(The opinions expressed here are those of the author, a columnist for Reuters.)
By Clyde Russell
LAUNCESTON, Australia, June 19 (Reuters) - There has been no shortage of advice doled out to incoming BHP Billiton chairman Ken MacKenzie on how to boost the world’s largest mining company, but ultimately his role comes down to a fairly straightforward choice.
Does BHP want to be a cutting edge mining company always on the prowl for the next big opportunity, or does it want to be a cautious, dividend-focused cash generator, something akin to being the telecoms utility of the mining world?
If there is anything that can be learned from the performance of BHP, and indeed most of its global mining rivals, in the past decade, it’s that escaping the ups and downs of the commodity cycle is extremely difficult for a miner.
BHP’s Australia-listed shares ended at A$22.99 ($17.51) on June 16, down 8.3 percent since the end of last year, but still above the closing low of A$14.20 on Jan. 21, 2016.
On that view BHP’s share price performance doesn’t actually look that bad, with the stock gaining rapidly from the January low last year on the back of sharp gains in the price of its main profit earner, iron ore, as well as other commodities, especially coal.
But over the longer term, BHP’s performance becomes much less impressive.
The stock dropped to just above A$19 in November of 2008, in the wake of the global financial crisis.
Buying BHP at that point would have been a good investment as the shares took off as China poured massive amounts of money into resource-heavy infrastructure projects in order to stimulate growth after the global downturn.
BHP rode the wave to a peak of A$44.89 on April 11, 2011, but after that it was all downhill until the low of January 2016, as iron ore and coal notched up five consecutive losing years.
BHP‘S ROLE IN ITS OWN DOWNTURN
It would be a simple argument to say that BHP merely tracked the decline in commodity prices, but that ignores the company’s own complicity in causing prices to slide.
In common with its peers, BHP decided to use the cash generated from the sharp rise in commodity prices on the back of Chinese stimulus to dramatically boost production, particularly in iron ore.
As soon as one major producer decided that the China story was a never-ending gift to miners, basically they all had to follow or stand to lose market share.
The management and board of BHP at the time made the mistake of believing the optimistic view of forecast Chinese steel output, while ignoring the historic fact that virtually every commodity boom is ended by too much supply being built.
The company was perhaps too loose with its cash. With the benefit of hindsight it overpaid for its U.S. shale assets and it frittered money away on failed attempts to take over a Canadian potash producer.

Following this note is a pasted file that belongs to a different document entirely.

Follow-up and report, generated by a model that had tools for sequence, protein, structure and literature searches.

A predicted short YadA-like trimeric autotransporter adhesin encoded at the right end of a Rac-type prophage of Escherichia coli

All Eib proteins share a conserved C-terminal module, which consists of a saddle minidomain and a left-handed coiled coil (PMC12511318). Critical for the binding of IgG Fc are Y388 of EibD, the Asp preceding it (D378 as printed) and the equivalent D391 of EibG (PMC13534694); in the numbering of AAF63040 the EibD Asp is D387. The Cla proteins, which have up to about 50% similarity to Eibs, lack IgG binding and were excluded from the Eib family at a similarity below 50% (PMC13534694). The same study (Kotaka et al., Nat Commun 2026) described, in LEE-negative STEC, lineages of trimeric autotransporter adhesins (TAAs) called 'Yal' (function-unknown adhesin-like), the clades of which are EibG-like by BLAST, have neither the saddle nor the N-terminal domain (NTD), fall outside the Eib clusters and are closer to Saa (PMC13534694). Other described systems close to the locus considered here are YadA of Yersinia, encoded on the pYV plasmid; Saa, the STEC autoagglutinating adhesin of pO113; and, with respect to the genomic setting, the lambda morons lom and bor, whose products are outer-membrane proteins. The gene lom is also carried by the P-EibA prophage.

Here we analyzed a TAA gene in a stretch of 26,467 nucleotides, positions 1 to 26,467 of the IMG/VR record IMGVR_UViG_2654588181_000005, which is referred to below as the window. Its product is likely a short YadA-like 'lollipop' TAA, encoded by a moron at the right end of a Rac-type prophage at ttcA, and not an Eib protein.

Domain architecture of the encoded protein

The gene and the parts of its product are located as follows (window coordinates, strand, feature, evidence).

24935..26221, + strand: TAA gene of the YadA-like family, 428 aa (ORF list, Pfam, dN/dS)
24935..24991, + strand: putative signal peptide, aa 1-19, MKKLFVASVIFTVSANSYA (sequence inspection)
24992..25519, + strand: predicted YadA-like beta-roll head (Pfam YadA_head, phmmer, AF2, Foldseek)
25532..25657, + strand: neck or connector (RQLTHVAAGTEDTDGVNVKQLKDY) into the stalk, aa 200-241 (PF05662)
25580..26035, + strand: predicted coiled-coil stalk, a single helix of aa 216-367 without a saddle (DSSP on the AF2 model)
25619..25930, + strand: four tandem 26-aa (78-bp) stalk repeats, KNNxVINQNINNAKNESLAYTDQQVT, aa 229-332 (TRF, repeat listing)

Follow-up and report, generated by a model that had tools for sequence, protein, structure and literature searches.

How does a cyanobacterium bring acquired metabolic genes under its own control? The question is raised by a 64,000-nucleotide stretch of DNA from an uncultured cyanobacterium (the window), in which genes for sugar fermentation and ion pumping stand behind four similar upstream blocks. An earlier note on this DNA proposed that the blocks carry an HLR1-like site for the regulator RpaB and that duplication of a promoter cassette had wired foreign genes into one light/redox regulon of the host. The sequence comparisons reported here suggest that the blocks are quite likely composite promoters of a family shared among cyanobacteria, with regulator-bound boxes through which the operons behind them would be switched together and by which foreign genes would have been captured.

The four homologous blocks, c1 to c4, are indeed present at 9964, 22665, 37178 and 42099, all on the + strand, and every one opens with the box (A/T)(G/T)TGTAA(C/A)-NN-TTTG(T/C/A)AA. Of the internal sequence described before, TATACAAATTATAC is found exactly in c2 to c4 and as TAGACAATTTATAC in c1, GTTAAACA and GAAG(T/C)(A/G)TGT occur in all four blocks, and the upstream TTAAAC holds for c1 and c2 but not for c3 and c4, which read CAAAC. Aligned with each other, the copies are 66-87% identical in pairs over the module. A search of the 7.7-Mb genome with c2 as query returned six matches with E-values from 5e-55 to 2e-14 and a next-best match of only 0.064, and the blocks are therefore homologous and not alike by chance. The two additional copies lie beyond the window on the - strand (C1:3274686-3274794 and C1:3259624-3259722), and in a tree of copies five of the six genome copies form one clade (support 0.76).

It took a few years to realise the errors, and BHP dramatically shifted course when appointing Andrew Mackenzie as chief executive in May 2013, with his razor-like focus on driving down costs and pulling back from the deal-making beloved by his predecessor Marius Kloppers.
BHP today still appears to be running very much along the lines Andrew Mackenzie set, namely a strong focus on cost-control and boosting efficiencies in order to generate strong cash flow.
The problem is some investors want more, with activist shareholder group Elliott Management pushing for BHP to exit its U.S. petroleum business and focus more on giving returns to shareholders.
The appointment of former packaging executive Ken MacKenzie as chairman can be chalked up as a victory for Elliot, given the hedge fund’s demand for board renewal and new thinking.
But how much should MacKenzie listen to shareholders such as Elliott, given they are most likely focused on maximising returns on a fairly short-term basis, as opposed to longer-term investors such as pension funds that make up the bulk of BHP’s shareholders.
It’s here where MacKenzie has to look at what kind of company BHP wants to be.
If he chooses the Andrew Mackenzie model of trying to be the best at digging up and shipping various minerals, then BHP should focus on returning as much money as possible to shareholders as dividends, while making it explicit that those returns will be linked to the vagaries of commodity prices.
On the other hand, BHP can try to run as leanly as possible while still aggressively seeking expansion opportunities using the cash generated from its existing operations.
That sounds like the best path, but the problem is it seems that virtually every major mining company struggles to simultaneously be both a cutting-edge, growth-focused innovator and a cost-driven dividend play.
Disclosure: At the time of publication, Clyde Russell owned shares in BHP as an investor in a fund. (Editing by Richard Pullin)